Though her late husband had served on the borough council, Betty Copeland never thought of running for office, until earlier this year when she was talked into running for mayor of Bridgeville, at age 83.
On Nov. 7, she won: the first Black, the first woman, and the first octogenarian elected to the office.
“The Democratic committee approached me saying, with all my years of volunteer work, they thought I’d be a great goodwill ambassador, so I ran,” Copeland told the New Pittsburgh Courier in an exclusive interview.
“I never thought it would be a reality—they’d never vote for a woman, let alone an African American woman—but then, election night the incumbent mayor called me and said, ‘Hello, mayor-elect.’ It’s incredible.”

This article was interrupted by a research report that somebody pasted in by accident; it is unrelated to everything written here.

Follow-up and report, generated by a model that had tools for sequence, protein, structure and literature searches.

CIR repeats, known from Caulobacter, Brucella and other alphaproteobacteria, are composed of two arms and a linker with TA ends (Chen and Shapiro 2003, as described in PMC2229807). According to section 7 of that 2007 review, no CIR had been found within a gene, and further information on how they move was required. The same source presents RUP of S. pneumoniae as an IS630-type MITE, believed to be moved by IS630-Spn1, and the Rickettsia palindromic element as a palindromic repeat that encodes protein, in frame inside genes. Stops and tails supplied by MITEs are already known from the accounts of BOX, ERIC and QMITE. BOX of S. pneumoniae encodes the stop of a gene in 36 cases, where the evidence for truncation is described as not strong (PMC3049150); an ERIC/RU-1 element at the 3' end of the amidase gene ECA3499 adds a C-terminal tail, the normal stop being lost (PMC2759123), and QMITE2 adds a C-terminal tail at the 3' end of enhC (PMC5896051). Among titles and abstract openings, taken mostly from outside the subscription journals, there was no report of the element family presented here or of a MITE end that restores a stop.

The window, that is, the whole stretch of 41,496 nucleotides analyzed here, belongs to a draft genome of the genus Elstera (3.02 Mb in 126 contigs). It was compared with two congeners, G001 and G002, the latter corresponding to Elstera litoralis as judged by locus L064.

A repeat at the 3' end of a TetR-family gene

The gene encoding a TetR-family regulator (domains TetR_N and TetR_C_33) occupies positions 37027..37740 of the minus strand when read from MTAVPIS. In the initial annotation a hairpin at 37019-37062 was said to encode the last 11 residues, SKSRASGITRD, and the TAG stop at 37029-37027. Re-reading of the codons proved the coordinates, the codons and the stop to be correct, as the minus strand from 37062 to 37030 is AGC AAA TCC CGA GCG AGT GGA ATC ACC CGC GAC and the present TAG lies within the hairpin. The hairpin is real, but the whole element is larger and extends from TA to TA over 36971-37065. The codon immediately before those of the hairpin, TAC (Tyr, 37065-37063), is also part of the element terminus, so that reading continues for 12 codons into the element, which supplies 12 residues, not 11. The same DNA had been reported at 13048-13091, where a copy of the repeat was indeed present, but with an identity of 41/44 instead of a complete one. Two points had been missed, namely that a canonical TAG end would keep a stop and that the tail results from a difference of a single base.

Since her win, Copeland said she has been “inundated” with cards, flowers, celebratory calls and Facebook messages from across the country—many from total strangers.
Apparently, the “Bridgeville loves Betty” campaign slogan extended further than its creator Democratic Committeewoman Deb Colosimo imagined—and she couldn’t be happier.
“You have no idea,” said Colosimo. “I haven’t stopped smiling since Tuesday night,” she said. “We’re all so proud of her. She’s been quietly doing good deeds behind the scenes for years. She’s well respected and she’s a woman of faith. No one has ever touched my heart like her. She won on her goodness.”